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Kumquat Marmalade

By Cheryl Forberg, RD

With the holidays almost here, I decided to start brainstorming what sort of edible gifts I will make this year. My husband has been making caramels for a decade, but I would like to try something new this season. We live way out in the country; I did not feel like going to the store to shop for ingredients. I looked in the fridge and lo and behold – kumquats and blood oranges (thanks @Melissa’s!)! Even though I have never made it before, marmalade came to mind since it’ll be a great add to holiday breakfasts, as well as a lovely holiday gift.

Full disclosure: Not only have I not made marmalade before; I also know very little about kumquats. So, guess what I am making? You guessed it – Kumquat Marmalade!

I was never a fan of marmalade growing up. Maybe that is because I’ve never tasted homemade marmalade before. While it is usually made with fresh citrus fruits, marmalade also contains a fair amount of not-so-sweet citrus zest (or peel), and we rarely ate anything bitter growing up. I was not a fan.

One of the first things I read about kumquats is that they have a very thin skin, which usually shortens the shelf life. But I also read that kumquat peel/zest/skin is actually the sweetest part of the fruit. Now this sounds like something I might like!

Since I am experimenting, I will not be making a large batch today, which allows me a lot of freedom. I am definitely not making buckets of jam to process in dozens of canning jars. Heck, I am not even going to add pectin. I am keeping this one simple which means there will be lots of ways to tweak it (my favorite thing to do).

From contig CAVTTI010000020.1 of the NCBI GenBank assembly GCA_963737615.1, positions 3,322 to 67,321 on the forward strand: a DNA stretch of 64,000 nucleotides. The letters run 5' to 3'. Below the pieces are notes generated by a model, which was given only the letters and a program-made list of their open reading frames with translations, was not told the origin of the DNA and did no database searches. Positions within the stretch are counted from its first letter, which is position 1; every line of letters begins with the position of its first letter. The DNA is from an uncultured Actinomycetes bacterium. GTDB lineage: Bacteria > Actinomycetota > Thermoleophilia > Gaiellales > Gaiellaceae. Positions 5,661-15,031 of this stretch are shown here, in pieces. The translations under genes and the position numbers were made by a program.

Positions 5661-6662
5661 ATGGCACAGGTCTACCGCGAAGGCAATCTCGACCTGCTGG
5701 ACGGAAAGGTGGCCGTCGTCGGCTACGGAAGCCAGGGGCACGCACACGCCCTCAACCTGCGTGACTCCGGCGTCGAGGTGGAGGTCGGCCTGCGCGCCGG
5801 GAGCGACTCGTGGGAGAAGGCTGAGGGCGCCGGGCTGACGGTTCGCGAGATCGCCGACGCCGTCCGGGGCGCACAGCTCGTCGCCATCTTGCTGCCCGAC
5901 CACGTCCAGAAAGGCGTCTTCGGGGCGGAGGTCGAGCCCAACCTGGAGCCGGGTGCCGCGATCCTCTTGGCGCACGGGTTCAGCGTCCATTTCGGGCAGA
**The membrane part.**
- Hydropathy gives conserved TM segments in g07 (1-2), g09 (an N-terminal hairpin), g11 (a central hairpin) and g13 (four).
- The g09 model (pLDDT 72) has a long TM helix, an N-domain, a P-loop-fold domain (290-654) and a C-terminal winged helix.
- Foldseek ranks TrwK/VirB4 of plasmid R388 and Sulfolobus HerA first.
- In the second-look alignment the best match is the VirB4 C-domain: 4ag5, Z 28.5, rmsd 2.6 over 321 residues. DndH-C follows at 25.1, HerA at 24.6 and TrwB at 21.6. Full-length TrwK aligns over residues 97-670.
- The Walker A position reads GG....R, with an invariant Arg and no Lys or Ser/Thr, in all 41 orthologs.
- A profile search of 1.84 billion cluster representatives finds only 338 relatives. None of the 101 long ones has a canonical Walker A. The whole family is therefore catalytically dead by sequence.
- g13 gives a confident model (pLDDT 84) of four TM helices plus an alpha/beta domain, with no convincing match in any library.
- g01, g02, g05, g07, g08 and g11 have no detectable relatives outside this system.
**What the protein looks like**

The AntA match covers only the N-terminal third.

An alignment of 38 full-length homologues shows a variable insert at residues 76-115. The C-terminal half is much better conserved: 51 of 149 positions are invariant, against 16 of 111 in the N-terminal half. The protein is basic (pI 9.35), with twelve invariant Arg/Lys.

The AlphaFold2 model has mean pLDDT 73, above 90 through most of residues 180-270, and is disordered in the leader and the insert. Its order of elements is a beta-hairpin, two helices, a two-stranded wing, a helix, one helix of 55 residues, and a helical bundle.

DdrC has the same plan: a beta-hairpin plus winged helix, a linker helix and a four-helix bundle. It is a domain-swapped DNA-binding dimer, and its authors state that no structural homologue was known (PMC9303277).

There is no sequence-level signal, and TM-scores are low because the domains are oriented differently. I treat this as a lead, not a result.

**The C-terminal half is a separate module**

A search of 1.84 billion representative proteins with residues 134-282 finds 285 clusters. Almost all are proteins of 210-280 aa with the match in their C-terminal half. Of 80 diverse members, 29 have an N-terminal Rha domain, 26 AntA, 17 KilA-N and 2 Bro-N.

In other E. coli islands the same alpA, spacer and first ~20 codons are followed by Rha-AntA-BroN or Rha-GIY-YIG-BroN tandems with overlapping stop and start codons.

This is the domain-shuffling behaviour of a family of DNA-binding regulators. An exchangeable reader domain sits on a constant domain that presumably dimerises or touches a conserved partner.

Now that I have this recipe figured out, I have also tried it with other citrus fruit including blood oranges and grapefruit. (Blood Orange Marmalade is actually my favorite). The basic rule of thumb is equal parts (weights) of fruit and sugar. So, if you like things extra sweet, you might use a heavier hand. And if you are using sweeter citrus e.g. orange vs grapefruit, you may use less. In any case, I hope you give this a whirl and see how easy and delicious it is! On toast or a bagel, stirred in oatmeal or yogurt, or simply with a spoon.

Easy Kumquat Marmalade

Be sure the fruit is firm and unblemished. Rinse gently before using. And as is always true, the quality of your result is a function of the ingredients you use. Buy the best you can afford. And if for some reason your fresh fruit is not sweet and flavorful to begin with, wait for another day when the fruit is at its peak. I made the same recipe using blood oranges but reduced the sugar by half. Yield was 1½ cups.

Makes 2 cups

Ingredients

Ingredients for Kumquat Marmalade

1 pound Melissa’s Kumquats
1 medium Melissa’s Meyer Lemon
2 cups Sugar

For the kumquats, take a thin slice off the top and bottom. And then slice the kumquat thinly (horizontally), in 4 – 6 slices. Remove any seeds and discard.

Instructions:

I found it easiest to prepare my fruit with a small serrated knife. For the kumquats, take a thin slice off the top and bottom. And then slice the kumquat thinly (horizontally), in 4 – 6 slices. Remove any seeds and discard. Roughly chop fruit and transfer to a small 1-quart saucepan.

Carefully remove all of zest/peel/skin from the lemon; chop zest and add to saucepan.

Carefully remove all of zest/peel/skin from the lemon; chop zest and add to saucepan. Carefully remove the pith from the lemon and separate each peeled segment, known as a supreme. Discard pith and any seeds. Chop the lemon and add to the pan. Add the sugar and stir well. Heat pan over medium high heat. When it comes to a boil, reduce to a simmer and stir well. Continue to simmer for about 15 minutes, stirring regularly. If it starts to turn brown, it is time to stop. You do not want the sugar to caramelize (or you won’t fully taste the kumquat flavor). Remove heat and cool completely. Transfer to a pint size jar and refrigerate for up to a month.

Variations:

Add 1 to 2 teaspoons chopped Crystalized Ginger before cooking.

Add small splash vanilla, bourbon or rum, after cooking.
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